Opinionomics | 1 June 2012

Must-read comment and analysis. Featuring goldbugs, austerians, and the 0.003%.

1. How to kickstart the UK economy – at zero cost to 99 per cent of us (Guardian)

"By imposing a capital gains tax charge at 28 per cent on the seriously rich 0.003 per cent we could create 1.5m jobs over the next two years," writes Michael Meacher

2. Debunking goldbugs (FT Alphaville)

If you think you might be a goldbug, Izabella Kaminska can give you the help you need.

3. This Collapse In US Interest Rates Is History In The Making—Here's What It Really Means (Business Insider | Money Game)

Joe Weisenthal addresses the negative interest rates issue from a US perspective

4. The End of the Euro: A Survivor's Guide (Huffington Post)

Simon Johnson and Peter Boone write on how the end of the euro could be made to work

5. Krugman savages the austerians with embarrassing ease (Left Foot Forward)

If you haven't seen it yet, Shamik Das has the transcript of Paul Krugman's slaughter of austerians.

A 100Kg gold coin from the Canadian Royal Mint. Why? Because. Photograph: Getty Images

Alex Hern is a technology reporter for the Guardian. He was formerly staff writer at the New Statesman. You should follow Alex on Twitter.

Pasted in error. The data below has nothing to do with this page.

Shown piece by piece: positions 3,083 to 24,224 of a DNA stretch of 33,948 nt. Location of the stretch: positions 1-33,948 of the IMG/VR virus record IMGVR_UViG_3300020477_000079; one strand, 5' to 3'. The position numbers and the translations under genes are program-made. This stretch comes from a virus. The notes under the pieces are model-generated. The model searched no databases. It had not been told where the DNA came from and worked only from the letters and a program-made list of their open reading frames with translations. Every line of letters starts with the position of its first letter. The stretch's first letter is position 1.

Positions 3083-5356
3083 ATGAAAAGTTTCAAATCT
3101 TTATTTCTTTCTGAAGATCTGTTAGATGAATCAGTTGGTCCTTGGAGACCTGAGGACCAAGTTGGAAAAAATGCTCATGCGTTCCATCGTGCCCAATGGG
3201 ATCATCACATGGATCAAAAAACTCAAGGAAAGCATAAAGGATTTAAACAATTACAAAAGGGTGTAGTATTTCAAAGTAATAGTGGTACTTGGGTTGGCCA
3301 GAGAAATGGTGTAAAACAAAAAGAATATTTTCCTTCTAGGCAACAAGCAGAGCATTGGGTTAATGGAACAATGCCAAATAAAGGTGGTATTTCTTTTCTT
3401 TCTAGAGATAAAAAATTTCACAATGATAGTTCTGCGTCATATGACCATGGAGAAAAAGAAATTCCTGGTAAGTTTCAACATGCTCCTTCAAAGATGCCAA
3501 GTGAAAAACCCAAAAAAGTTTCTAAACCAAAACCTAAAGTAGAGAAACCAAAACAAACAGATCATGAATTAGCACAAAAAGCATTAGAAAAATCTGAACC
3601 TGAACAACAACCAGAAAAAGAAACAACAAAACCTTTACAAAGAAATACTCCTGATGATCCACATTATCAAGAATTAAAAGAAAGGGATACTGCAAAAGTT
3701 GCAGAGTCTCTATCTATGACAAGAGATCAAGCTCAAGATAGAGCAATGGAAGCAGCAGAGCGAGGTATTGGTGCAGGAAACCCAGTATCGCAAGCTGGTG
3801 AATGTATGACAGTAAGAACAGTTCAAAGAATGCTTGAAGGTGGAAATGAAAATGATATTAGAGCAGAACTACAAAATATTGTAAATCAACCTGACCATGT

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What did Jeremy Corbyn really say about Bin Laden?

He's been critiqued for calling Bin Laden's death a "tragedy". But what did Jeremy Corbyn really say?

Jeremy Corbyn is under fire for describing Bin Laden’s death as a “tragedy” in the Sun, but what did the Labour leadership frontrunner really say?

In remarks made to Press TV, the state-backed Iranian broadcaster, the Islington North MP said:

“This was an assassination attempt, and is yet another tragedy, upon a tragedy, upon a tragedy. The World Trade Center was a tragedy, the attack on Afghanistan was a tragedy, the war in Iraq was a tragedy. Tens of thousands of people have died.”

He also added that it was his preference that Osama Bin Laden be put on trial, a view shared by, among other people, Barack Obama and Boris Johnson.

Although Andy Burnham, one of Corbyn’s rivals for the leadership, will later today claim that “there is everything to play for” in the contest, with “tens of thousands still to vote”, the row is unlikely to harm Corbyn’s chances of becoming Labour leader. 

Stephen Bush is editor of the Staggers, the New Statesman’s political blog.